Survival pathway of children after treatment for childhood cancer


By Usha Banerji

Unlike adult cancers, childhood cancers are highly curable provided treatment is timely and completed. Although a child who successfully completes treatment is cause for celebration, there may be new challenges after treatment. Families often fear a relapse, have difficulty adapting to the new routine and fear being without their care teams. While some families are more resilient, others take longer to adjust to life after treatment.

Overall, children with timely support do well and fit into the mainstream. Many excel in academics and sports, and there’s no reason most shouldn’t live as normal a life as any other child their age. A supportive and understanding family and social environment helps immensely.

Treatment centers are now holding post-treatment clinics for survivors to monitor them continuously for any signs of physical and emotional distress or academic difficulties.

Many side effects or problems that occur during cancer treatment go away or get better over time after treatment. However, for some children, there may be some long-term side effects of the disease and its treatment, such as amputation. In some cases, medical problems set in later. These are called late effects. Childhood cancer patients who receive treatment during the crucial years of their development can experience long-term physical, psychological and cognitive impacts. Changes in organs, tissues and/or bodily processes are considered to be some of the late physical effects that impact a child’s growth and development. Changes in the child’s memory, learning and cognitive abilities are also some of the late effects of treatment.

Some children treated for cancer experience many physical side effects, while others experience very few. Depending on their age and when they were treated, some patients also experience alterations in mood and feelings and struggle with social and emotional distress. Some children tend to develop post-traumatic stress disorder (PTSD). Physical injury or extreme mental or emotional suffering can trigger this anxiety. Flashbacks related to the diagnosis or treatment are among the symptoms of PTSD, as are avoiding places that serve as memories of the event and feeling scared, restless, unable to fall asleep or sleep. have trouble concentrating.

Cancer survivors can choose from many different paths, some may opt for traditional medical care, while others may seek alternative or complementary treatments. Depending on who is providing this care, the survivor population, the location of care, and/or the capacity to provide particular services, many models of survivorship care have been developed.

Overcome survival challenges with:

Friends and family: Parents can be seen as the primary advocates for the child in pediatric treatment. They can identify their child’s needs and can begin to use support options as needed. Therefore, parents play a crucial role in recognizing potential barriers and are essential to the reintegration process. Their views and experiences are essential to the creation of psychological support programs. Critical elements to reduce psychological and emotional distress and increase identification of long-term risks associated with cancer treatment include parental knowledge, parental support, and survivorship care education. In post-treatment clinical assessments, health care practitioners should consider including items such as assessment of family functioning and parent education. It may be more effective to consider family support when determining a survivor’s post-treatment supportive care needs. A caring social environment of teachers, peer groups, and contact with school and classmates also facilitates children’s return to normal life.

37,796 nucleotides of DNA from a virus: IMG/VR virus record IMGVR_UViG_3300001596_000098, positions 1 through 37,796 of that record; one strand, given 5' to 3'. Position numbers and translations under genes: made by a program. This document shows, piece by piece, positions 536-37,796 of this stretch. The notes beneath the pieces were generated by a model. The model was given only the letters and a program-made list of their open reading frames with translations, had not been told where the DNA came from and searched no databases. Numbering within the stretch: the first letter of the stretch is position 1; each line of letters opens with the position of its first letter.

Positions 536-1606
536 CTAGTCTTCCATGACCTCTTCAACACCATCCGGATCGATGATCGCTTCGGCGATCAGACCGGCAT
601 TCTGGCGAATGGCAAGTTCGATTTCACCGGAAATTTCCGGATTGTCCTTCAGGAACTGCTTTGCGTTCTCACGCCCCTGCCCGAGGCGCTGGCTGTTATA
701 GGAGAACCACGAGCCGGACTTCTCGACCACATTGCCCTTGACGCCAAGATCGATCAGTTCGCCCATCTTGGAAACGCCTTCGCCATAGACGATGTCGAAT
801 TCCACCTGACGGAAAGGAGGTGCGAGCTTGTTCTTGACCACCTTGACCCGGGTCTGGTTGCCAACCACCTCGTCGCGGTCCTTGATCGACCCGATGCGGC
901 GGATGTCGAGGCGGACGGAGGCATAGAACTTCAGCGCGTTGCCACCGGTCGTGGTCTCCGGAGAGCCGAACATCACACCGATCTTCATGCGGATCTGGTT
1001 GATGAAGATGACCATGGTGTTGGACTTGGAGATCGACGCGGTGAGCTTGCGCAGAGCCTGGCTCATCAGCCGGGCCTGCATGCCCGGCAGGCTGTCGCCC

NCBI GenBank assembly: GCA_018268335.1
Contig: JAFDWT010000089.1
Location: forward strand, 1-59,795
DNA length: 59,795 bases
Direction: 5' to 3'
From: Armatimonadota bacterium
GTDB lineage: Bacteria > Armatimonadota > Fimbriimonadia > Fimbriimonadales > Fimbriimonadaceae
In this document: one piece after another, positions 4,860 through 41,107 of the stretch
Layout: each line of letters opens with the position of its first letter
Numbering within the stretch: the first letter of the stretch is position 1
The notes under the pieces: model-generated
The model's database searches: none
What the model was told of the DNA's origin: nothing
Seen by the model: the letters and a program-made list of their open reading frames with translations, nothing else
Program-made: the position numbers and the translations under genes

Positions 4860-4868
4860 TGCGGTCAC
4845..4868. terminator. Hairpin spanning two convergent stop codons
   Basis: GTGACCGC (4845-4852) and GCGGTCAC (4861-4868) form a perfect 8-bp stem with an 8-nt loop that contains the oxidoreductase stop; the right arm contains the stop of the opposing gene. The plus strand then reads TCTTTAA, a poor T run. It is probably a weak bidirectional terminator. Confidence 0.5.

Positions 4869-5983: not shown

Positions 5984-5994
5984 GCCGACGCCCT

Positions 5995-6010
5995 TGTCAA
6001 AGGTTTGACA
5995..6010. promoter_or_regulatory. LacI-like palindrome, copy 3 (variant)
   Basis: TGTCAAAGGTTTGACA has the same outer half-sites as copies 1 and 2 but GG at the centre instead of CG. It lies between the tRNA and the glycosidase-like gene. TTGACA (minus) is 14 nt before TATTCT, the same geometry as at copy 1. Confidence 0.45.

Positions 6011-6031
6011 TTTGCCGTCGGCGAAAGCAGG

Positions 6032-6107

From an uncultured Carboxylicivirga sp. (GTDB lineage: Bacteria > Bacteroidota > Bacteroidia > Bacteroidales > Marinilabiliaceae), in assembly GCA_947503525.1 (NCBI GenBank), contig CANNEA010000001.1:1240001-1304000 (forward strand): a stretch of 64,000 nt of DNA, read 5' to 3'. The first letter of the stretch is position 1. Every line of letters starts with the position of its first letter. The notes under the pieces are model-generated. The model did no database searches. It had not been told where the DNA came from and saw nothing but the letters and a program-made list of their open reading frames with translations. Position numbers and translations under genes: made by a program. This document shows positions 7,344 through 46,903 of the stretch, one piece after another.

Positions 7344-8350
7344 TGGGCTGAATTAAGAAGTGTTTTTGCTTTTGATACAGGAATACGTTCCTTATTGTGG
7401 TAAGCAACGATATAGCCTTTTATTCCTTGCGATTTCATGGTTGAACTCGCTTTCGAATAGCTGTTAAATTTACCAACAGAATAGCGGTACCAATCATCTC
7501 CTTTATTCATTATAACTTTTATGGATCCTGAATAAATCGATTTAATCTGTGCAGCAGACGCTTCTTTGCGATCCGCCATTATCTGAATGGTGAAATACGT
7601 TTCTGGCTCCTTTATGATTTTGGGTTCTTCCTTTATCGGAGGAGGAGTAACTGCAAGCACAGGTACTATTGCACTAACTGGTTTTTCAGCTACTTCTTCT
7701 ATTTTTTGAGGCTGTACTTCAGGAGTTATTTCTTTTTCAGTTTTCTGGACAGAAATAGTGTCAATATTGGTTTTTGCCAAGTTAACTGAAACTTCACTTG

Support groups: It may be beneficial to seek advice from a qualified mental health expert to reduce stress, improve coping and decision-making skills, and improve overall quality of life. In support groups, families can exchange experiences and gain knowledge from those who have gone through particular problems. Joining a local support group or online forum for childhood cancer survivors can be beneficial. There are also support groups for parents of children with cancer. Talking to a friend or medical staff member is another option for getting help.

NGO: Based on the cancer treatment summary, which includes a description of the therapies the child has undergone and any potential long-term consequences, many NGOs help develop a treatment summary and survivorship care plan. NGOs also play a role in the health education of post-cancer survivors. One of the main objectives is to advise families on healthy lifestyles, potential side effects of cancer treatments and steps to take to avoid developing new health problems. Some survivors struggle with feelings of loneliness, recurring anxiety, and stress related to dealing with ongoing medical needs. Psychologists and social workers can help you with these and other insurance and employment issues.

Any survival program should be tailored to the individual needs of a child. The most important thing for cancer survivors is to stand up for themselves and their needs. It’s also important to find a support system of family and friends who can offer emotional guidance and help with day-to-day tasks.

(The author is a Team Leader, St. Judes for Life (Founded in memory of Mrs. Rani Vicaji). The opinions expressed are personal and do not reflect the official position or policy of


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